Jason Gibson is an anthropologist and curator with the Melbourne Museum in Australia. He has worked on numerous projects concerning Australian Aboriginal heritage materials and wrote his doctoral thesis on important audio, visual and manuscripts collections of Aboriginal songs and ceremonies. He is currently the project manager for a large project digitising the notebooks, letters, maps and writings of the early anthropologists A.W. Howitt and Lorimer Fison. This is an interview with him about the project, which is hosted on FromThePage.
What are the Howitt and Fison papers?
Howitt and Fison were two of the first anthropologists in Australia and they had important connections to other anthropologists in the United Kingdom and the United States, like Lewis Henry Morgan and Edward Tylor. They studied the Aboriginal people of southern and eastern Australia between the 1860s and 1900, at a time when there was little emphasis on this. Their methodical work on Aboriginal language, kinship, song and culture was pioneering at the time and the information they amassed is now a treasure trove of Australian Aboriginal history. Although Howitt in particular met with many Aboriginal people, most of the Howitt and Fison work is based on correspondence with people across the Australian continent. Both Howitt and Fison would write to missionaries, pastoralists, policeman and others that lived in remote parts of the country asking for help in developing knowledge of Aboriginal customs and languages. As there were very few others interested in gathering this sort of information on Aboriginal people in Australia at the time, these letters contain very important and unique information.
Tell me about the language of the documents.
Because Howitt and Fison were collecting information on Aboriginal people, most of the documents contain a huge amount of Aboriginal language material. At the time of colonisation, Australian Aboriginal people spoke hundreds of different languages and dialects and while many of these languages are still spoken in parts of Australia, in some areas they are no longer spoken. This is part of the reason why Howitt and Fison’s papers are so important. They contain some of the most detailed wordlists and explanations of languages that began to fall out of use before better analysis and documentation could be done. There are over 50 different languages documented in these papers. Transcribing this language material is not always easy and the handwriting of the correspondents can make things very challenging also! FromThePage is making this work much easier to do and we’re able to collaborate with historians, linguists, anthropologists and Aboriginal people in making these transcripts.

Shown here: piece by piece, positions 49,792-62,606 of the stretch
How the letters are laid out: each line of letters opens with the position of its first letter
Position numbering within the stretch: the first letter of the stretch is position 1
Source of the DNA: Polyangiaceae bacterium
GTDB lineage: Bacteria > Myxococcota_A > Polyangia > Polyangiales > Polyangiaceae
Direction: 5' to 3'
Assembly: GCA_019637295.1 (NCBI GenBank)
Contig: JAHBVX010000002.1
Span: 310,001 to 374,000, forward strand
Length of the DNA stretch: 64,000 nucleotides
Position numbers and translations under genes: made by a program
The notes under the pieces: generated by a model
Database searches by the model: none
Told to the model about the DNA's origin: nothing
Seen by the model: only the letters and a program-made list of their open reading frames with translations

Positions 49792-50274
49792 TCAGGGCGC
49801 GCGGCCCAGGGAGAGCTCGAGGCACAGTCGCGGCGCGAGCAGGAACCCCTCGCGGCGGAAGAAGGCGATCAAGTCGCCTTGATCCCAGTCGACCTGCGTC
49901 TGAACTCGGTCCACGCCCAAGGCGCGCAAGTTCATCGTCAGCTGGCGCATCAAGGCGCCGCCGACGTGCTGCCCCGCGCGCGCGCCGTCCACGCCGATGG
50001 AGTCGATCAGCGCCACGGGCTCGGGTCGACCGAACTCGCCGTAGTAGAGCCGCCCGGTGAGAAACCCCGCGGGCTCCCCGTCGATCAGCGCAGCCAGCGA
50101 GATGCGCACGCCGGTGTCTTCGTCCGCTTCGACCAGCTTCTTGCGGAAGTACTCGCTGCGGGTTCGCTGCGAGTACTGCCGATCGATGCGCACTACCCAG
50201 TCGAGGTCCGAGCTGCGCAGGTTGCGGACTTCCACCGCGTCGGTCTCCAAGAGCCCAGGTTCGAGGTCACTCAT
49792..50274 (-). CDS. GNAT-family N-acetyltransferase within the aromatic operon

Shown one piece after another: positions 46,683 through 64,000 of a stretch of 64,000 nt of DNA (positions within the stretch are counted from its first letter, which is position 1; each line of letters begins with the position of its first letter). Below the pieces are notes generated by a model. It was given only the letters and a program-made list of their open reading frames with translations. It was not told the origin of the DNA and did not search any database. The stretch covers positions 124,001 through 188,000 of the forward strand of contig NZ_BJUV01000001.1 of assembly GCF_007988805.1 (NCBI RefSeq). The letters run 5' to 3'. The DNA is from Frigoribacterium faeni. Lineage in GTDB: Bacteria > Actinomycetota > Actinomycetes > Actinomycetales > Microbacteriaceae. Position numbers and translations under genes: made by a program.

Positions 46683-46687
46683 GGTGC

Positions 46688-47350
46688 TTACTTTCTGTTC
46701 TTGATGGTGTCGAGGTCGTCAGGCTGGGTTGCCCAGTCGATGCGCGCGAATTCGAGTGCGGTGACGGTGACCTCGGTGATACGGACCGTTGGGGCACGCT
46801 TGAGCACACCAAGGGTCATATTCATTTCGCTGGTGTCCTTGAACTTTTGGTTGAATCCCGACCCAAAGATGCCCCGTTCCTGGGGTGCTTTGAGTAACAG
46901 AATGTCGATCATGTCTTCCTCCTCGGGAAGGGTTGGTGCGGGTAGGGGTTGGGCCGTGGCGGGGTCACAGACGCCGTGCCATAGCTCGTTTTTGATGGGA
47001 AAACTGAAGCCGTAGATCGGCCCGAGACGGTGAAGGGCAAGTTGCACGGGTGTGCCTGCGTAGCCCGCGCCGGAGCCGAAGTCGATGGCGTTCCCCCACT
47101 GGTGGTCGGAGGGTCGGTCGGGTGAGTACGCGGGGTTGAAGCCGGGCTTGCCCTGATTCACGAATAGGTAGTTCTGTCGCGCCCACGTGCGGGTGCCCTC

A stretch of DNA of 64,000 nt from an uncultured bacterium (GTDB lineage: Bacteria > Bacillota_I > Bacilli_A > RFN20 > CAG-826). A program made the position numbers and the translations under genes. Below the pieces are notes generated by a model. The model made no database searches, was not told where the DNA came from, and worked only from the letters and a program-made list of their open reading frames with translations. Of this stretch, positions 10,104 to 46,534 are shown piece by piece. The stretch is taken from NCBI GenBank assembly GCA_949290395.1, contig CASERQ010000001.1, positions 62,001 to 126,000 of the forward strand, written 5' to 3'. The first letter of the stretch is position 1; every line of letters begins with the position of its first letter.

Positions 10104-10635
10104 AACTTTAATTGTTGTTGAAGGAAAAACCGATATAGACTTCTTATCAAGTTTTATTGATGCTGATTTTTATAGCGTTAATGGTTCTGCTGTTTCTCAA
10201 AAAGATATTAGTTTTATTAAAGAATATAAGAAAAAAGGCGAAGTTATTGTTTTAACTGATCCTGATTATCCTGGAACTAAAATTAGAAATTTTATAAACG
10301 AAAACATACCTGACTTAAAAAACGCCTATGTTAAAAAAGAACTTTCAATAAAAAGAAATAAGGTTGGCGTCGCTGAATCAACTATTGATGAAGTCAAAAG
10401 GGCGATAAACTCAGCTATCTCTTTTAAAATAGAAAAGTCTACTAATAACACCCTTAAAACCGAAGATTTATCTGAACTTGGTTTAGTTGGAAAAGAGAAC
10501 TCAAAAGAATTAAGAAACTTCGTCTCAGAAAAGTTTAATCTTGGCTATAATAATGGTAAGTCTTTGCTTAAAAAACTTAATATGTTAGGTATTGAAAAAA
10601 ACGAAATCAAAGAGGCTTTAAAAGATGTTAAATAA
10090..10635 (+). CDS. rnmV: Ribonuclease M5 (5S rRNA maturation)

Many of the documents appear to be forms with hand-written responses. How did that work?
Yes, as I said above, most of the documents are letters written to Howitt or Fison. Howitt and Fison initially put out advertisements in newspapers asking for help with pulling together information on the various Aboriginal groups across Australia. A relatively small number of people responded but those that did would often write many times and send lots of very interesting and important information through to Howitt and Fison. Some of the other papers are Howitt’s drafts for his publications and books. Other items that we are transcribing include the notebooks that Howitt used he when in the field observing people or talking with them.
What are your goals for the project?
We want to use the transcripts that are being made in FromThePage in a website that features the combined works of Howitt and Fison. We’re also hoping that Aboriginal communities in Australia who are interested in language revitalisation will use these resources in that work and we also want to make their work just generally more accessible. This is why FromThePage is so useful for us. Having good quality transcripts that can be verified and worked on by multiple people (including expert linguists and interested Aboriginal people) means that we can more easily share and discuss this work with more and more people.
We’d like to invite volunteers who are interested in Australian history, Aboriginal people and their languages to help us transcribe these important documents.